Both cattle and passengers were conveyed across the river in the 16th and 17th centuries. (fn. 59) In the later 18th century the churchwardens of Otterhampton paid for repairs to the slip, possibly at the end of the causeway where the ferries docked. The crossing was evidently still in use in the late 19th century. (fn. 60)
In 1608 there were three licensed tipplers in Cannington and three in Combwich (fn. 61) but of seven licensed in 1609 five were at Combwich. (fn. 62) There were six or seven licensees until the 1630s but in 1649 the inhabitants petitioned to have only two at Cannington. An unlicensed aleseller was punished in 1651. (fn. 63) Numbers fluctuated but in 1687 there were seven licensed victuallers in Cannington parish and one or two in Combwich in Otterhampton parish. (fn. 64)
The Red Lion in Cannington was recorded in 1706 and may have been open in 1674; (fn. 65) it ceased to be an inn in the later 18th century (fn. 66) although the name was still in use in 1883, probably for a private house. (fn. 67) The Anchor, also called the Blue Anchor or Old Blue Anchor, was recorded in 1767 and was kept by the May family until the 1840s. (fn. 68) It was renamed the Friendly Spirit in 1986 and remained open in 1989. The White Horse was recorded in 1724 but had probably been open since c. 1700. It was last recorded in 1743. (fn. 69) A house called the Black Horse near Clayhill was recorded in 1773 and 1861. (fn. 70) The New Inn in Frog Street and the Globe inn in Church Street were recorded in 1861. The former may have been open in 1851 (fn. 71) and was last recorded in 1939. (fn. 72) The latter was open in 1989. The Malt Shovel between Bradley Green and Blackmoor was recorded as a public house in 1861; (fn. 73) the King's Head and the Rose and Crown in High Street were recorded in 1841 and 1881 respectively. (fn. 74) All three remained open in 1989.
The Mermaid at Combwich was recorded in 1668 but had ceased to trade by 1708. (fn. 75) The Three Mariners inn was open in 1673 but was not recorded again. (fn. 76) The Anchor, formerly the Blue Anchor, stood on the riverside at Combwich probably by 1690. (fn. 77) It was still open in 1989 and its 18th-century brick fives wall survives beside the forecourt. The Fleur de Luce at Combwich, recorded between 1727 and 1831, (fn. 78) was substantially repaired between 1775 and 1782 when it was probably a private house. (fn. 79) The Passage Boat was recorded in 1702, (fn. 80) possibly the Ship or Old Ship named in 1730 (fn. 81) and still open in 1989. The Bakers Arms was open in 1871 (fn. 82) and was last recorded in 1939. (fn. 83)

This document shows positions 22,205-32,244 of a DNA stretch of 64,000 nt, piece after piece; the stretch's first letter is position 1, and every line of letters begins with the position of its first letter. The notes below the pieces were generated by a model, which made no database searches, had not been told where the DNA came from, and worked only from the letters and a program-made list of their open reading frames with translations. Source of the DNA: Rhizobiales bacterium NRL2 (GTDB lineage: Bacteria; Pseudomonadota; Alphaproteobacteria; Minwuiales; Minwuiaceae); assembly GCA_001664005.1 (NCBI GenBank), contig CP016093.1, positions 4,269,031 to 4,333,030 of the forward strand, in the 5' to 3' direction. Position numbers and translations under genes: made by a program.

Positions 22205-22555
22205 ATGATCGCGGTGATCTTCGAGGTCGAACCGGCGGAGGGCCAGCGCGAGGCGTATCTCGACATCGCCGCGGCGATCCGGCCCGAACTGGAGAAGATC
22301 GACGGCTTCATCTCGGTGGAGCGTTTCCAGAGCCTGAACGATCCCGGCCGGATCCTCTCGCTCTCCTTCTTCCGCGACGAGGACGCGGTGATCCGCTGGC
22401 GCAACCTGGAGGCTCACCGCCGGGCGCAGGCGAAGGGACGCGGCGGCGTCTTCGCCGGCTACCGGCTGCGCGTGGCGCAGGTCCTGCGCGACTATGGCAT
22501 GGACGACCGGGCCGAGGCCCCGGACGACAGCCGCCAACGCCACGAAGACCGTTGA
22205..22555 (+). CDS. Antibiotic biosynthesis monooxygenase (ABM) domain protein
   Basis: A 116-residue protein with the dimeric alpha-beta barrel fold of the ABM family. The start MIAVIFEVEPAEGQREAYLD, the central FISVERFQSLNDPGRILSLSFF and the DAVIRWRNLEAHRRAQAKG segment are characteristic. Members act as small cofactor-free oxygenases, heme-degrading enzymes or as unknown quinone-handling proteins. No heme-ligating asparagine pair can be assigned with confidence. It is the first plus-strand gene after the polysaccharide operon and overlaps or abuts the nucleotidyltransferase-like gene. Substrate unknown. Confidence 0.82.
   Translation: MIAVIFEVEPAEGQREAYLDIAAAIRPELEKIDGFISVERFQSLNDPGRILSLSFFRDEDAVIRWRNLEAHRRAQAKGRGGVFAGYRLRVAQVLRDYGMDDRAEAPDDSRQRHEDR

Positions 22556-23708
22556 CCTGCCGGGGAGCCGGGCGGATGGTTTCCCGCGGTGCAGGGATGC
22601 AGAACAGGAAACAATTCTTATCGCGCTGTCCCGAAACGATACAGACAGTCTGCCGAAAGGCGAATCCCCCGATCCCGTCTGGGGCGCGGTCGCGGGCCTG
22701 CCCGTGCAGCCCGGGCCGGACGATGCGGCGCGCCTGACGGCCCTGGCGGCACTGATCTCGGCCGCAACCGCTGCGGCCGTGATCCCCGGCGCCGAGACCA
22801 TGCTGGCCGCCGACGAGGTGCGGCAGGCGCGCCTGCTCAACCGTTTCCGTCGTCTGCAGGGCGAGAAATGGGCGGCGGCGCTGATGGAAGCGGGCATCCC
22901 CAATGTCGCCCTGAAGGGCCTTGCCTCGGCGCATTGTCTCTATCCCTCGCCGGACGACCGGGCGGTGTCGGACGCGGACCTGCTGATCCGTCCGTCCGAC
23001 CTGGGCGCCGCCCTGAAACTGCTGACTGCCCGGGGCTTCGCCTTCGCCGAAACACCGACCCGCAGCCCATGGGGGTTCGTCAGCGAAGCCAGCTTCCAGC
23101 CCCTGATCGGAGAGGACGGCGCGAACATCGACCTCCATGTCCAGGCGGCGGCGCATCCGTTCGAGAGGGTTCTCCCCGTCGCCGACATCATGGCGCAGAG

The Cannington friendly society or Loyal Union was founded by 1808 and met at the Anchor inn. It may have ceased in 1834. The British Society, probably also known as the 13 May Club and dating from 1810, originally met in the Anchor but later in the National school. It had 83 members in 1872, but was dissolved in 1874. The Combwich Club was disbanded in 1901. (fn. 84) A free library with c. 500 books was established at Cannington by the incumbent in 1888 but was disused by 1905. (fn. 85) The Cannington village club or institute, east of the church, was rebuilt in 1905-6 to create a hall with a skittle alley beneath, a reading room, a games room, a shop, and a dwelling. (fn. 86) There was a billiard room in Brookside, Combwich in 1939. (fn. 87)
A powder house by the river north of Combwich recorded in 1886 was later used by the Bridgwater port sanitary authority as a cholera hospital. (fn. 88)
In 1563 there were said to be 120 households in Cannington and 20 at Combwich. (fn. 89) In 1801 the population was 868 rising to 1,215 in 1821 when over three quarters were under 40 and a quarter of the houses had been built since 1811. (fn. 90) After reaching a peak of 1,548 in 1851 the population declined to 871 in 1921 but rose to 2,038 normally resident in 1981. (fn. 91)
Three men from Combwich and two from Cannington were involved in the Monmouth rebellion in 1685. (fn. 92)